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Business Process Automation Featured Article

October 22, 2010

Six Steps to Adopting Business Process Automation for Your Company

By David Sims, TMCnet Contributing Editor

Business Process Automation can be a good way to deliver an exceptional customer experience. Diane Halliwell, Director of Contact Center Solutions, Align, and Gina Clarkin, Product Manager, Interactive Intelligence offer six steps for companies to take to implement a BPA project in their company.

“The problems didn’t appear overnight, and they won’t get fixed overnight,” they caution. “The key is to follow a proven, defined methodology that will allow them to identify and finally address root causes.

Step 1: Document the current process, including communication flows. In order to perform this step effectively, some other activities may be necessary, such as observing staff members as they perform their work, meeting with or interviewing key individuals who are involved in the process and, maybe, meeting with customers who can provide the external view of what it is like to interact with a particular process in order to achieve a result.

Step 2: Document how the process “touches” or “intersects” with other processes. In this step, they say, “you are trying to determine how far-reaching this process is, and how potential changes will impact other workflows within the firm. Often, we find that each process we examine has many interaction points.” To avoid the “patchwork quilt” approach, you need to at least be aware of potential impacts.

Step 3: Objectively analyze the current process. You will review the documentation of the process, and ask many questions that will help you derive just what needs to be done next, including, but not limited to such questions as “are the systems/tools currently used effective? Is there consistency in performing the process? Is there documentation available for this process?”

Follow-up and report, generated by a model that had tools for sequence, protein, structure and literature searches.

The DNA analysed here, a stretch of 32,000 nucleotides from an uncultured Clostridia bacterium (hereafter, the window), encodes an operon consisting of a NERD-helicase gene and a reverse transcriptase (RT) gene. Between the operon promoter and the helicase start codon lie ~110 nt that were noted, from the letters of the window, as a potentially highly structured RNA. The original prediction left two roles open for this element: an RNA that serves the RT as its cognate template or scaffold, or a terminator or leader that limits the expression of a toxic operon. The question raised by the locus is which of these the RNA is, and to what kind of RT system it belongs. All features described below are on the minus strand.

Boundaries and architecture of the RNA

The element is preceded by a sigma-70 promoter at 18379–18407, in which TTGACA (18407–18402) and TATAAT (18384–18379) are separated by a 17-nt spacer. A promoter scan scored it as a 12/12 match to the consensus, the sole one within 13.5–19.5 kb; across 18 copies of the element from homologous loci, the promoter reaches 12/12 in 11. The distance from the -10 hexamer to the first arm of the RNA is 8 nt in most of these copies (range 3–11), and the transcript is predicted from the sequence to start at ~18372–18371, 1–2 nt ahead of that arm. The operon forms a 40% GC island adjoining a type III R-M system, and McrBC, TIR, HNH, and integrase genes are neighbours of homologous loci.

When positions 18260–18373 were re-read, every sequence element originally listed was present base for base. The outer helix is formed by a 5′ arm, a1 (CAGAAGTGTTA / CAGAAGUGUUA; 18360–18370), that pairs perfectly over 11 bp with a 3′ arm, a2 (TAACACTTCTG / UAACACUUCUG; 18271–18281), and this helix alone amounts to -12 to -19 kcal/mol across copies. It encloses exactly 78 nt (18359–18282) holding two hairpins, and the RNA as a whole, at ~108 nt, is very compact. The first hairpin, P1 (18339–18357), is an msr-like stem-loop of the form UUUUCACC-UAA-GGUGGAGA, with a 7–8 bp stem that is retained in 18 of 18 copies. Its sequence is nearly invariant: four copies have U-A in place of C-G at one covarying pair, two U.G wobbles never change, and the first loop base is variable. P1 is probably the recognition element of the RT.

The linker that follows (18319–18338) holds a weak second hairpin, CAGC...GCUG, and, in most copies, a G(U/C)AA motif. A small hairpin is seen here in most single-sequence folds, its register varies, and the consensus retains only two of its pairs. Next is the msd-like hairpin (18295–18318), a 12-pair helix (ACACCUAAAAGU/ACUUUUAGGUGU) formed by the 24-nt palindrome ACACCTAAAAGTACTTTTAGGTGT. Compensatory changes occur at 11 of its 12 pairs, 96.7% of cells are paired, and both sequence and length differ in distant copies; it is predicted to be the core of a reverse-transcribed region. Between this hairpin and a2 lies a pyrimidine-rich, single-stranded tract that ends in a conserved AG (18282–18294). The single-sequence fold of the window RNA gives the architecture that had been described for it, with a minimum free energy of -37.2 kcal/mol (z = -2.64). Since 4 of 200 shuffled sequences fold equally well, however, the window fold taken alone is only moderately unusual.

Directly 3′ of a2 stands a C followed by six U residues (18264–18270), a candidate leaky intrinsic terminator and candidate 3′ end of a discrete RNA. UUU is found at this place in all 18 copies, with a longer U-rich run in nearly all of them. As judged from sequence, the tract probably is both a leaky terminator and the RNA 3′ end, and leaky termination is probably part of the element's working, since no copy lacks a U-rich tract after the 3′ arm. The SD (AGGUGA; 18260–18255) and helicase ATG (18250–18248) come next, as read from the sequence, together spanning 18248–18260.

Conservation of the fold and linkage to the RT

Step 4: Based on the answers to the questions in Step 3, start to develop a plan. Now that you have analyzed the existing process, it is time to start developing a plan to address the issues. Document the trouble points within the process, assess and evaluate how these “gaps” can be addressed, document the “to be process,” addressing the gaps that you have identified and document and develop a plan to address activities that will be required to effect change.

Step 5: If appropriate, look for the right technology and technology partner. By this time in the methodology, you have gone a long way toward getting the business end of the process right. Securing the right technology may very well be necessary to achieve success. Readiness to adopt that technology is critical, and having the right partner to carry your vision forward, and to make sure you implement the technology effectively, is the next critical step.

Step 6: Post-change calibration. We have seen that business dynamics change, both internally within the organization and from a customer perspective. In order to deal effectively with change, and to be proactive in dealing with it, you must adopt a culture of continual improvement.

To download a free copy of the informative white paper that Halliwell and Clarkin wrote, “The Exceptional Customer Experience: It’s all about the Process,” click here.


David Sims is a contributing editor for TMCnet. To read more of David’s articles, please visit his columnist page. He also blogs for TMCnet here.

Edited by Patrick Barnard



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